by Kim Mance
When encountering people in various places like airports and conferences, they nearly all have a similar reaction upon learning that I work for the Council of Women World Leaders, a network of current and former presidents and prime ministers.
An inevitable slew of questions ensue: “Female leaders, what? There are how many?”
The conversation lends an opportunity to highlight the work of these women and widen worldviews.
While Benazir Bhutto has received a vast amount of media attention, few people are aware of just how many women have been at the helm of their country. I think this helps contribute to the sexism and scrutiny Sen. Hillary Clinton is experiencing during our own presidential election.
I’m currently writing a book, and during the course of research, I conducted an online survey with hundreds of respondents from across the United States. When asked how many women have ever been democratically elected as a president or prime minister, 66 percent believed there had been less than 10. In fact, there have been more than 50.
It’s time to get the word out that in many parts of the world the idea of a woman president isn’t an anomaly. Iceland, for example, had a woman president for 16 years. Ireland has had women presidents consecutively elected for decades. In the Netherlands Antilles, five female prime ministers have held office. Switzerland has been led by two women presidents.
So for me, it’s jarring and shocking to continually hear the question posed or implied, “Can a woman really be president?”
Recently, I witnessed the “education” of a young feminist magazine writer interviewing Mary Robinson, former president of Ireland, during the International Women Leaders Global Security Summit. To kick off the interview, the enthusiastic journalist asked, “Do you think a woman can lead a nation?”
All right, just in case you missed that, let me quickly recap: The reporter asked a former female president if women can lead nations.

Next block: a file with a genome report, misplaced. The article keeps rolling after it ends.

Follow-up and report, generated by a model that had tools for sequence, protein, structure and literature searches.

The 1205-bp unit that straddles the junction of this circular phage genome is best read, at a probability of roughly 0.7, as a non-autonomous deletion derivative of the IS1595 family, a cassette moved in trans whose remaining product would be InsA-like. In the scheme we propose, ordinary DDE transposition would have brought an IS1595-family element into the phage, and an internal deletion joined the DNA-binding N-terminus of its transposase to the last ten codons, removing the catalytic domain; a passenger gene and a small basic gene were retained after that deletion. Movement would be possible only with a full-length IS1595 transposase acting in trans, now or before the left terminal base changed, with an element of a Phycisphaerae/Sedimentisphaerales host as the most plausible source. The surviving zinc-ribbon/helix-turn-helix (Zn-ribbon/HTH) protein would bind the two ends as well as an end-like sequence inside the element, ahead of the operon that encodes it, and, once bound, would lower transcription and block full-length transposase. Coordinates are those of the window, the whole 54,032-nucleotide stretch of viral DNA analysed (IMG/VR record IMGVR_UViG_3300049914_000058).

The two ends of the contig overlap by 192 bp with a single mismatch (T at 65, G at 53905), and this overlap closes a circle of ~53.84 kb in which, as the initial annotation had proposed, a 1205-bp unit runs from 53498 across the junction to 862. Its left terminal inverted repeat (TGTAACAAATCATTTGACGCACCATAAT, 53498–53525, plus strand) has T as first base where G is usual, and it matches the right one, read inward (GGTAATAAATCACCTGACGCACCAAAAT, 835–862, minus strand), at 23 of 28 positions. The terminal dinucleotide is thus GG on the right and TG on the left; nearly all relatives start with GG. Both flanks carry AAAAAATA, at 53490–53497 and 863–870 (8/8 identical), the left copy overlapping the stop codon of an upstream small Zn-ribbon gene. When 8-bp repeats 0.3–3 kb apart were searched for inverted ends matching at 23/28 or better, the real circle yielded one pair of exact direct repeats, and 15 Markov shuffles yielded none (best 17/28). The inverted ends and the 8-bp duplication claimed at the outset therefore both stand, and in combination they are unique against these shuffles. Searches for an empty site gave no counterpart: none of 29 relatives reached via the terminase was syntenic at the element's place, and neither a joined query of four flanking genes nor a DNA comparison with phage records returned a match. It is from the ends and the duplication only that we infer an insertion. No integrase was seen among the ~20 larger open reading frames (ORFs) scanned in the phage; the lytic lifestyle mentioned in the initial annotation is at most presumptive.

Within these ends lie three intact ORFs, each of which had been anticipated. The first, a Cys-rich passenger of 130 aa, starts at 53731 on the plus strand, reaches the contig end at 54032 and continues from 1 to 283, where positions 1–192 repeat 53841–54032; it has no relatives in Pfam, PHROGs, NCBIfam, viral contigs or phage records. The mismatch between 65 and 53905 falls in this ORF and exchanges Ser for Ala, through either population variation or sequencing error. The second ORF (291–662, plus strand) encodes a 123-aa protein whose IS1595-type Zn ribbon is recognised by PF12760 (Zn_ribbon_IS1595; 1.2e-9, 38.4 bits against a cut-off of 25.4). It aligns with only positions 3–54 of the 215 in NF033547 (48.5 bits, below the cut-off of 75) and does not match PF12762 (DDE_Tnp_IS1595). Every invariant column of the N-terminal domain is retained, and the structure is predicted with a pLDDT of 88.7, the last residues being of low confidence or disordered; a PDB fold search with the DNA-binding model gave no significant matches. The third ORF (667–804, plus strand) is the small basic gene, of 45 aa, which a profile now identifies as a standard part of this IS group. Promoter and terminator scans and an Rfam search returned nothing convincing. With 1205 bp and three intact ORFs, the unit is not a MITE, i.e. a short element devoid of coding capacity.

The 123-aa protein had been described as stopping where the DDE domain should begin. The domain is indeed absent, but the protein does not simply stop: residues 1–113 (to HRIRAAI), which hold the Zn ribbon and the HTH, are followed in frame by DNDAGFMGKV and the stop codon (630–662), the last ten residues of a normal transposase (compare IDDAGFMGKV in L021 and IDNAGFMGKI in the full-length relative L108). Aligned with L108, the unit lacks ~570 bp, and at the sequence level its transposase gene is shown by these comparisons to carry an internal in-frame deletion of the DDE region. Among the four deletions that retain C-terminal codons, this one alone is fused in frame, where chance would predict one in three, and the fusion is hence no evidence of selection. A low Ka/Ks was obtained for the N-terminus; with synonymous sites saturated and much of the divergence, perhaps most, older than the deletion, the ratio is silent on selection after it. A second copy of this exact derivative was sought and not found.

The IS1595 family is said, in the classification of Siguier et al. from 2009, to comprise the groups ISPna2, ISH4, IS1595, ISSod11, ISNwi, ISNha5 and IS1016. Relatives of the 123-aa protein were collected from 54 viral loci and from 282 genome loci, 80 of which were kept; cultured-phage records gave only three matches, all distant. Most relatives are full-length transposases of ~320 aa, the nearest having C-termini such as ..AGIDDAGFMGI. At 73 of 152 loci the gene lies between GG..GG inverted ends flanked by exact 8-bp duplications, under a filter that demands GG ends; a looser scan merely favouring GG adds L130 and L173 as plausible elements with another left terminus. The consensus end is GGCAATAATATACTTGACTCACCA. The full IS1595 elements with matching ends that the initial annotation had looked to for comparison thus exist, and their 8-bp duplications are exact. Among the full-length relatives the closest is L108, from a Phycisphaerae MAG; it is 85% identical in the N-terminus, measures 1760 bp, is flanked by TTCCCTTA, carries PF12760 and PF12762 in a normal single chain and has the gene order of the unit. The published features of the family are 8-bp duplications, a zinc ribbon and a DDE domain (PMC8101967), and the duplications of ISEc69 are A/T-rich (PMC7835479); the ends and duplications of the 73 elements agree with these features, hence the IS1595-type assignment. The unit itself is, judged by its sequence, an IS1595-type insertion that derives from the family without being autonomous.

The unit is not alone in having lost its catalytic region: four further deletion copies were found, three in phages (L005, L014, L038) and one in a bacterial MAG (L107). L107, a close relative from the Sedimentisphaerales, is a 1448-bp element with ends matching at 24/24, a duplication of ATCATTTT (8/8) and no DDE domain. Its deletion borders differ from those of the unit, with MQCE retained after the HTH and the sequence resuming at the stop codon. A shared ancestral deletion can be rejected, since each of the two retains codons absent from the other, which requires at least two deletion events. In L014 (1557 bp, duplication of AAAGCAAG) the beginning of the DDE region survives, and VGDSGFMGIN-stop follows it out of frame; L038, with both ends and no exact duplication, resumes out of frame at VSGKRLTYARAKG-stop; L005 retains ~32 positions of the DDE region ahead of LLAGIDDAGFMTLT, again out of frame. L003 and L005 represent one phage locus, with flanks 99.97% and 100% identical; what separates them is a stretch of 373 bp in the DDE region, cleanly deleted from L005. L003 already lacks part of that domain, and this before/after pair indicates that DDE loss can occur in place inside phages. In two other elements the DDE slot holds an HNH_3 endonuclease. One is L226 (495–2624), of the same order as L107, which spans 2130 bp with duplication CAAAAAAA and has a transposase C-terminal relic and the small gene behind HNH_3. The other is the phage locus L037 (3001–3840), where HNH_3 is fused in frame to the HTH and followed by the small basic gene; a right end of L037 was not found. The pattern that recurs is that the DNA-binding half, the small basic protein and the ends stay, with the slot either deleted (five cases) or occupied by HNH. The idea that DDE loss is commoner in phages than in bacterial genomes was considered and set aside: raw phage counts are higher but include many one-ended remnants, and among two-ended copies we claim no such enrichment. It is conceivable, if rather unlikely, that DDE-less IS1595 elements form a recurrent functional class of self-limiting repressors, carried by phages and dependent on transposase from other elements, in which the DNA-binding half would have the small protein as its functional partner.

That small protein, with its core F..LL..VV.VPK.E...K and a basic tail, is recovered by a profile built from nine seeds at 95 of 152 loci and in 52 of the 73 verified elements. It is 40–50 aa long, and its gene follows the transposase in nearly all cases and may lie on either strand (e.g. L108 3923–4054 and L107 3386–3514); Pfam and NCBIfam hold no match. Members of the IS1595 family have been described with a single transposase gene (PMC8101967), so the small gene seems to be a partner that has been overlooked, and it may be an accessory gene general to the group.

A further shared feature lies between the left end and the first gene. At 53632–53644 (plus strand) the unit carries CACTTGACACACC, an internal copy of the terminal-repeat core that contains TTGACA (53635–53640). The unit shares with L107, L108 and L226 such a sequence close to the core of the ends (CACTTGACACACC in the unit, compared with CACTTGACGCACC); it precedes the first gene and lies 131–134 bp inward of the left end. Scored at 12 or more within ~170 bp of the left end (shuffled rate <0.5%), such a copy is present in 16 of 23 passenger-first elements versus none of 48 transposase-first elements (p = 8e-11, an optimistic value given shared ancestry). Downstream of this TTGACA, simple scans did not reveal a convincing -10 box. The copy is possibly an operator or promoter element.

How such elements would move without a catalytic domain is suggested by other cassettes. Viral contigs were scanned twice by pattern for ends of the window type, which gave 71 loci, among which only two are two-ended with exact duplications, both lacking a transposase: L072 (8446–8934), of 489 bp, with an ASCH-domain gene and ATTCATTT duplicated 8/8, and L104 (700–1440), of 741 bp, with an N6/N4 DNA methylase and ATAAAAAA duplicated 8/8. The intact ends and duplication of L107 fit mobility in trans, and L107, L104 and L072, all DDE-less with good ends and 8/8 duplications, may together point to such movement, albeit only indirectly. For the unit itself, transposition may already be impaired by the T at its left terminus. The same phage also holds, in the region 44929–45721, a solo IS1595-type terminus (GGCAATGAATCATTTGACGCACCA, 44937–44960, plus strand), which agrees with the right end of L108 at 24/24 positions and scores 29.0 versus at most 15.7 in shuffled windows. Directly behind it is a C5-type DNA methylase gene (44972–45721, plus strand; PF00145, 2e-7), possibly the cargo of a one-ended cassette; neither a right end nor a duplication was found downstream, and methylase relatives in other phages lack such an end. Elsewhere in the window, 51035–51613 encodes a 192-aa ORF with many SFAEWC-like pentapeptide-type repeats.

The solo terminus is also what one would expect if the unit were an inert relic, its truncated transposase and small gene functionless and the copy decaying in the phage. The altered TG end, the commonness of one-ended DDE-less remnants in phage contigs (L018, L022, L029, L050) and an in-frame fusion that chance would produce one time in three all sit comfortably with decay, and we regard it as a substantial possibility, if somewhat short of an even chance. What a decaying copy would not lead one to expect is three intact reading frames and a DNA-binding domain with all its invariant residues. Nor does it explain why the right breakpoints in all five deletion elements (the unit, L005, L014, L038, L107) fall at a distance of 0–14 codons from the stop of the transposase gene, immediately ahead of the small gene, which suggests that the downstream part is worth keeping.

“Well,” Robinson graciously but firmly informed her, “that question is not only an inappropriate one for me — it diminishes women.”
The reaction of Kim Campbell, former prime minister of Canada, wasn’t much different in a later news briefing when yet another reporter asked if a woman could be president.
Standing at the front of the room with several other former female presidents and prime ministers, Campbell replied, “Just looking up here at us should answer your question.”
Then she continued with a quote from philosopher Abraham Maslow:
“‘If the only tool you have is a hammer, you tend to see every problem as a nail.’ And in fact, you really might need a Phillip’s head screwdriver sometimes. Without women participating in the highest level of government, it leaves us ill-equipped to properly handle security issues, the economy, and healthcare among other things.”
Indeed she is correct. Not only can women lead, they must.
Of course these reporters were probably just looking to see who would give an endorsement of Clinton on the basis of gender. But no matter what they’re after when asking this question, they unwittingly legitimize the false assumption that men are inherently fit to lead, and women aren’t.
And that is out of the question.